Albums of 2014: Eoin

I have a bit of a confession to make. There are some albums released in 2014 that have completely passed me by. I’m not sure how it happened but it did, and I am in no doubt that if I had heard all those I intended to the list that follows would be completely different. But I didn’t and it isn’t.

Throughout the past 12 months I have discovered some quite frankly extraordinary albums. Some came from artists I have been following for years, others appeared almost out of nowhere and took me off guard. Regardless of where they came from, these are the records that soundtracked my year…

1. Moulettes - Constellations

I can’t quite remember how I came to be in possession of a copy of Constellations. I certainly had no idea who Moulettes were when I popped the CD into my stereo and hit play, but after just one track I knew that I was listening to something special. Moulettes’s sound is pure pop genius, built upon folk, indie and even vaguely hip-hop foundations. Strings and guitars tussle for prominence under some delectable vocals. I can’t quite put my finger on what makes this such an incredible album; it’s just one of those records that hits upon that magic formula.

2. The Twilight Sad - Nobody Wants To Be Here And Nobody Wants To Leave

If I’m being completely honest, I wasn’t a huge fan of The Twilight Sad’s last album. Nobody Wants…, their fourth studio effort, however has become a firm favourite. Having heard a number of the tracks live before the album’s release, I knew that the Kilsyth three-piece were onto a winner and I readily devoured the bleak, raw emotion I have come to expect from one of my favourite bands. From uptempo lead single Last January to piano-led closer Sometimes I Wished I Could Fall Asleep, it’s a cracking listen.

3. Pink Floyd - The Endless River

Until July 2014, I never thought I would get to experience the joy of purchasing a new Pink Floyd album on release day. I was too young when The Division Bell came out to care, and only got into the band in my mid-teens. So I’m as surprised as anyone to be able to include The Endless River in my list of favourite albums of the last year. While it’s far from classic Floyd, there’s a lot to like. Mainly instrumental, it’s carried by some meaty riffs and emotive noodling from David Gilmour alongside brilliant keys work from the late, great Richard Wright.

4. Mogwai - Rave Tapes

In my eyes, Mogwai can do no wrong. Ever since I first heard Glasgow Mega-Snake I was hooked. I have enjoyed hearing the band’s sound evolve over the years, and Rave Tapes – I think – expands upon those themes. Opening with the atmospheric Heard About You Last Night, there are echoes of the group’s stellar work on the soundtrack to French TV series Les Revenants, while at other times there are the quiet moments and big crescendos that all Mogwai fans have come to love. The dark and brooding Remurdered is a definite highlight.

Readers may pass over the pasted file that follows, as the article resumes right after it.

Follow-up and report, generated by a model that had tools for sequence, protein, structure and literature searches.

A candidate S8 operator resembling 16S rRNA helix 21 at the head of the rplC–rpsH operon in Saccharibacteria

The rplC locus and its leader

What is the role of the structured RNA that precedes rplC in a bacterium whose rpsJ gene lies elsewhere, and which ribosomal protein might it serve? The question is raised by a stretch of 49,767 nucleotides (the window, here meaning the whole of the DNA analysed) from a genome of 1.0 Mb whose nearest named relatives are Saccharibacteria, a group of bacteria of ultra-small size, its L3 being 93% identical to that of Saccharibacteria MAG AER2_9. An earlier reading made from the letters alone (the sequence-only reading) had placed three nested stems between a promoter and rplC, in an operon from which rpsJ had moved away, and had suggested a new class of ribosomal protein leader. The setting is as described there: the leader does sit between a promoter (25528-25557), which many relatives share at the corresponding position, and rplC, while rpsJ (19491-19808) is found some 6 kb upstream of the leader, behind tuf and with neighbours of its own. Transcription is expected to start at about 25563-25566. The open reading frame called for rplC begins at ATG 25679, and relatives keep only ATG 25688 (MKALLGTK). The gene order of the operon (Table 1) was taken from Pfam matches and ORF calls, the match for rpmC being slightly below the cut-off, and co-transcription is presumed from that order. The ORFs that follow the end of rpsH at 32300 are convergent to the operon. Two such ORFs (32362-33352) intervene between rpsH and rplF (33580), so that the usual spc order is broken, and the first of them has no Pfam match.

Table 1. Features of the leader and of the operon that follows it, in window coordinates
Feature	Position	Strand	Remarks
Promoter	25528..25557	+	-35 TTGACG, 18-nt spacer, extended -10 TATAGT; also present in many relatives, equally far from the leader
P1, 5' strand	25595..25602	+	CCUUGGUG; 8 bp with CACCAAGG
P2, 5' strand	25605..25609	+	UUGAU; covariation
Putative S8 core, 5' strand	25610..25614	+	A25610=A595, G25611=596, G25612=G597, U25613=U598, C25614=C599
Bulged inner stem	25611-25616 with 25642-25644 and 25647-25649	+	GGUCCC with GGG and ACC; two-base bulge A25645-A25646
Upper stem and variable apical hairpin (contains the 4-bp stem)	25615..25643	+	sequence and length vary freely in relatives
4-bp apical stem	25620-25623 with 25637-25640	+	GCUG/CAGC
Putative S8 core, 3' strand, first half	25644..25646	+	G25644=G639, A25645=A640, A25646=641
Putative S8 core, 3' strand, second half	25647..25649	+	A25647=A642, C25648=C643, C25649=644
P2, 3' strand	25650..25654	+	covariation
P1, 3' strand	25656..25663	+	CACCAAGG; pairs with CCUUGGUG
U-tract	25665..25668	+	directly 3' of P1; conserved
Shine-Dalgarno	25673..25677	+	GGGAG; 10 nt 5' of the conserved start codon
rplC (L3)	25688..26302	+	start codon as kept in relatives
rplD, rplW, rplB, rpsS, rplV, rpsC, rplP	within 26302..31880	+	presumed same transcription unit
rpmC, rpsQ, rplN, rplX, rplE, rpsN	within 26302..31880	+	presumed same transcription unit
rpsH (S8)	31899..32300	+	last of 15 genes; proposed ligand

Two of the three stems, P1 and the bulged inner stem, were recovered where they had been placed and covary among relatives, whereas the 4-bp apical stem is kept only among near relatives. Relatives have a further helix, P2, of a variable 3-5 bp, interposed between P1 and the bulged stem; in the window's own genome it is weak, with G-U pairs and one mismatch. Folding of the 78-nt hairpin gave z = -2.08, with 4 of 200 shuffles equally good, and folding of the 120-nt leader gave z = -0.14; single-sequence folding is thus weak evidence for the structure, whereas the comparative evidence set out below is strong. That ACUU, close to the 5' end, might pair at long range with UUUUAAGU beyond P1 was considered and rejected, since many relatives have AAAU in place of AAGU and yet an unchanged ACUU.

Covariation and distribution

5. Owl John - Owl John

With a vocal style as distinctive as Scott Hutchison’s, it’s impossible to avoid comparisons to the music of his band Frightened Rabbit. And while there are hints of the latter’s folky sound in his first solo outing under the banner of Owl John, there is enough of a difference to show that Hutchison is a talented songwriter and musician in his own right. Augmented by post-rocky undertones, the Owl John album is at times euphoric and at others melancholic. It does what all the best albums do, and makes you really listen.

6. The Jellyman's Daughter - The Jellyman's Daughter

Often hailed as Scotland’s answer to The Civil Wars (without the incessant infighting), The Jellyman’s Daughter are an incredibly talented two-piece. Cellist Graham Coe produces a range of sounds I didn’t know possible with a cello while Emily Kelly’s silky smooth voice floats above the music with pure grace.

7. Poor Things - Poor Things

I’ve been a fan of Poor Things’ brand of indie-surf for years, so it was with open arms that I welcomed their self-titled debut LP into my home. Featuring many songs I have come to love during their charismatic live performances, it is both instantly recognisable and refreshing.

8. Das McManus - Department Of Homeland Obscurity

Audio samples. Brilliantly obscure song titles. It’s everything I expected from Das McManus and more. This is a cracking power-pop album, chock full of catchy earworms and a well-considered cover of Ryan Adams’ Angelina. A fittingly raw recording, Department of Homeland Obscurity perfectly captures the band’s energy.

9. Paolo Nutini - Caustic Love

When Paolo Nutini first appeared on the scene with that New Shoes song back in 2006, I wasn’t really a fan but over the years he’s slowly won me over. With an ever-evolving sound, his latest album is soulful and funky, boasting some of his best songwriting to date.

10. Jenny Sturgeon - Source To Sea

The only EP to appear on my 2014 list, I’ll admit that this one was purchased out of curiosity based on the singer’s fishy name. It’s a deliciously folky affair, many of the songs are arrangements of traditional tunes that allow Sturgeon’s rich vocals to soar.

Honourable Mentions
Wilko Johnson & Roger Daltrey – Going Back Home
Various - Guardians of the Galaxy: Awesome Mix 1
IndianRedLopez – Commit
Alt-J – This Is All Yours
Seas, Starry - Tyto Alba